Search Engines Battle for the Desktop
Microsoft and Ask Jeeves last week joined Google with test releases of their own software to comb users' computers. Yahoo said Dec. 13 that it, too, would join the desktop fray in early 2005.
The flurry of activity comes two months after Google launched Google Desktop Search, a tool that searches a user's computer for files, e-mails and instant messaging sessions. Microsoft and Ask Jeeves now have similar functionality, while each claims an advantage over the others in the number of files it searches; the speed of the search; the lightness of the application; and the ease of use for the consumer.
Daniel Reade, vice president of product management at Ask Jeeves, said many of the releases and announcements were an effort to keep up in the search arms race. Ask Jeeves announced its desktop plans in June when it acquired desktop search firm Tuckaroo.
"To be a major search player going forward, you're going to need all the access points to search," he said.
He thinks users eventually will access search engines through the Web, browser toolbars, desktop search applications and mobile devices.
Andy Beal, vice president of search marketing for KeywordRanking.com, said search engines needed to move beyond touting the relevance of their search results as a lure to users, who can easily switch to another engine.
"They want to keep people immersed in their brands," he said.
For now, the economic rationale of desktop search is unclear. Google, Yahoo and MSN representatives have said their products will drive consumer loyalty, which will bring financial benefits through more clicks on their paid listings. Ask Jeeves will not show paid listings for desktop searches, though the tool can be used for Web queries, which carry advertiser links from Ask Jeeves' partner Google.
"At the moment we're not that concerned about monetizing it," Reade said. "When you create great functionality, monetization follows."
Google arguably has gone the furthest to monetize desktop searches by integrating desktop results with its Web search instead of providing a separate application like the other search engines. Google has said such an approach gives users a full view of their information, both online and offline. It also carries paid listings.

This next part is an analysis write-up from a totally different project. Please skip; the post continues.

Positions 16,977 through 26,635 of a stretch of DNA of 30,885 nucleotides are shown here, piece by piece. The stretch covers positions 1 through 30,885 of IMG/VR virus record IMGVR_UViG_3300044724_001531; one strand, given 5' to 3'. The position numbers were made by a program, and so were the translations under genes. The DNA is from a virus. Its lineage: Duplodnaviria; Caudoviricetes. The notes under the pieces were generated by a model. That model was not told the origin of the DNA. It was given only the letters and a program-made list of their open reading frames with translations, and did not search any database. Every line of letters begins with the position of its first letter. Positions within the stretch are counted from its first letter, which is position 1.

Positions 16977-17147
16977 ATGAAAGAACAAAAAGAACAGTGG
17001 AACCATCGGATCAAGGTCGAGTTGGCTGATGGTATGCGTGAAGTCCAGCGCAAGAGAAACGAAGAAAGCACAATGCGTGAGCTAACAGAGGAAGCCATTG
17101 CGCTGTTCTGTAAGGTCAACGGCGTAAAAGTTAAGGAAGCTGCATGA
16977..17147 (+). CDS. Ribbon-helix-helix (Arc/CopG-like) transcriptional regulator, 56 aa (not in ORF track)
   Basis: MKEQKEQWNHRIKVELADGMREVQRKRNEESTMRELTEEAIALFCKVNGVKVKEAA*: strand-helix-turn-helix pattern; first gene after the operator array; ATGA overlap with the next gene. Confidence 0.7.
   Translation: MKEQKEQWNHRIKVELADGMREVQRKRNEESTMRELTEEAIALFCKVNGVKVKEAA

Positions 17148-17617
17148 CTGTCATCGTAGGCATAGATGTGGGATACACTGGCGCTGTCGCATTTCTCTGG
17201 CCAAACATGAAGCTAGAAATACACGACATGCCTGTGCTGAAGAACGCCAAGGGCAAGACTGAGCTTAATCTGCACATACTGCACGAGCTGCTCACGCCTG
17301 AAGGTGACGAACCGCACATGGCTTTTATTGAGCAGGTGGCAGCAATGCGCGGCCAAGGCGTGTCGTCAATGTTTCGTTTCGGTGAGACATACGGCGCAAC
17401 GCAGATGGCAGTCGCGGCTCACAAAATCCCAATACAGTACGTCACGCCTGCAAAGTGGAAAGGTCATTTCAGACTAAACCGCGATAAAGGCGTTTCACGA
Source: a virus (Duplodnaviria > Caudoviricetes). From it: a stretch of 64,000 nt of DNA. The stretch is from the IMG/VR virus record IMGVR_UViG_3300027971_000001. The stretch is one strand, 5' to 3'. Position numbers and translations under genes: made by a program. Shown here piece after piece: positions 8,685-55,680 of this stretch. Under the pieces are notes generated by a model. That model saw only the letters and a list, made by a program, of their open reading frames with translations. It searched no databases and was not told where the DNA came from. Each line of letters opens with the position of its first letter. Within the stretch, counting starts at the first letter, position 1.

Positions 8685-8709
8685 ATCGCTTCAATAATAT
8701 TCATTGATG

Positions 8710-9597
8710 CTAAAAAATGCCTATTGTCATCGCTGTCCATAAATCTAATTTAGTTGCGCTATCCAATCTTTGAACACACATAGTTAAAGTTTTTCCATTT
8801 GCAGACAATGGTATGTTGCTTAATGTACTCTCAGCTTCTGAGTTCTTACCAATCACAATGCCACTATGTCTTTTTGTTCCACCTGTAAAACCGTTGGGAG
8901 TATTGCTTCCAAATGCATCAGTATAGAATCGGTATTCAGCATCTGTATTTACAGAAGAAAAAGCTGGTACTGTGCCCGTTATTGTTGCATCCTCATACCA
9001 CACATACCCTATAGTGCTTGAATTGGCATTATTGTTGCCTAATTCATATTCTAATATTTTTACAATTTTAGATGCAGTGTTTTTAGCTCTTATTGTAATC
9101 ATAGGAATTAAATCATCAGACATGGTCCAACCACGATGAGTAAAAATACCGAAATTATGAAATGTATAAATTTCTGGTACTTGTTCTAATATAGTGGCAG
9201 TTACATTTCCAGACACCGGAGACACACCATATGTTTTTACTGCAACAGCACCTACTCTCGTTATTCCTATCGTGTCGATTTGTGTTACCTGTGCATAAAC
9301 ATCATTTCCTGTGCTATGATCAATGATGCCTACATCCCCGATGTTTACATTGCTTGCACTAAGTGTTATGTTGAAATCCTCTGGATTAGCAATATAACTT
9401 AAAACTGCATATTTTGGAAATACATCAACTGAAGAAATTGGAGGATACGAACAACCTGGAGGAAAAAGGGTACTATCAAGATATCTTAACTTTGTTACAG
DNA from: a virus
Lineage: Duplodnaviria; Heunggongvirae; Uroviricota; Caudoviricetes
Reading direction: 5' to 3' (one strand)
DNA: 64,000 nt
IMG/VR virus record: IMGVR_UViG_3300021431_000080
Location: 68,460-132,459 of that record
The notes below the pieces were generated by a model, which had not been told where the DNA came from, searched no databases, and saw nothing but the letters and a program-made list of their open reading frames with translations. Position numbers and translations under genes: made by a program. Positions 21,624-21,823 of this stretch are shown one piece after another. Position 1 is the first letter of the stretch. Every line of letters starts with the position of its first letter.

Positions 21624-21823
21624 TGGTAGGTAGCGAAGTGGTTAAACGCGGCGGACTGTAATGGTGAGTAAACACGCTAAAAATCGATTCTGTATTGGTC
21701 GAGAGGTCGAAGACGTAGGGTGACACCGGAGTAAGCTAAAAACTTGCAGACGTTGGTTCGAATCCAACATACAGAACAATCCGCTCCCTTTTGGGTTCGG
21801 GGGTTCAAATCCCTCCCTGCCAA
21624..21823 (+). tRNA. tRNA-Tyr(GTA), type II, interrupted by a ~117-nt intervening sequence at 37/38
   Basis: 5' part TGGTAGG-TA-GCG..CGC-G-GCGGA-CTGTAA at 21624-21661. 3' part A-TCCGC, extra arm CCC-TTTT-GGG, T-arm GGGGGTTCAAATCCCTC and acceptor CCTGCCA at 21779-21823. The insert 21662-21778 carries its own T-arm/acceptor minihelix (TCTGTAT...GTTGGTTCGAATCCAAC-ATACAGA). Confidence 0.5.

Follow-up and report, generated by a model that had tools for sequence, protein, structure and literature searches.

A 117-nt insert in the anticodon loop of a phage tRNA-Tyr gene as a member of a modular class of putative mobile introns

Microsoft hopes to use its control of the operating system and the main document types in its Office suite to integrate its desktop search seamlessly throughout a user's computing experience. MSN recently released a test version of its own Web search engine.
"We will look at other ways to distribute it, and I think you can assume we'll have it pretty broadly distributed," Yusuf Mehdi, corporate vice president at MSN, said in a conference call Dec. 13.
Reade acknowledged Microsoft has a distinct advantage with its control of the desktop, yet he thinks the desktop search market will evolve with a number of options.
"Microsoft has an asset there to leverage and use," he said. "However, people want choice in the market."
Ask Jeeves positions its desktop search tool as more user friendly than offerings from competitors. It lets users control the speed of the indexing and which files are cataloged. The tool is integrated with common Windows dialogue boxes. For example, when opening a folder, an Ask Jeeves Desktop Search box appears for quick searching.
The tool also can draw on My Jeeves, Ask Jeeves' personalization feature that lets users save and search Internet sites they have visited.
Mehdi and Reade agree that the desktop search market is just getting off the ground, with few people using the available tools.
"It's early in the game," Reade said. "It's no good trying to monetize something people don't use."
Brian Morrissey covers search marketing for DM News.com. To keep up with the latest search marketing news subscribe to our free e-mail weekly newsletter Search Engine Marketing by visiting http://www.dmnews.com/cgi-bin/newslettersub.cgi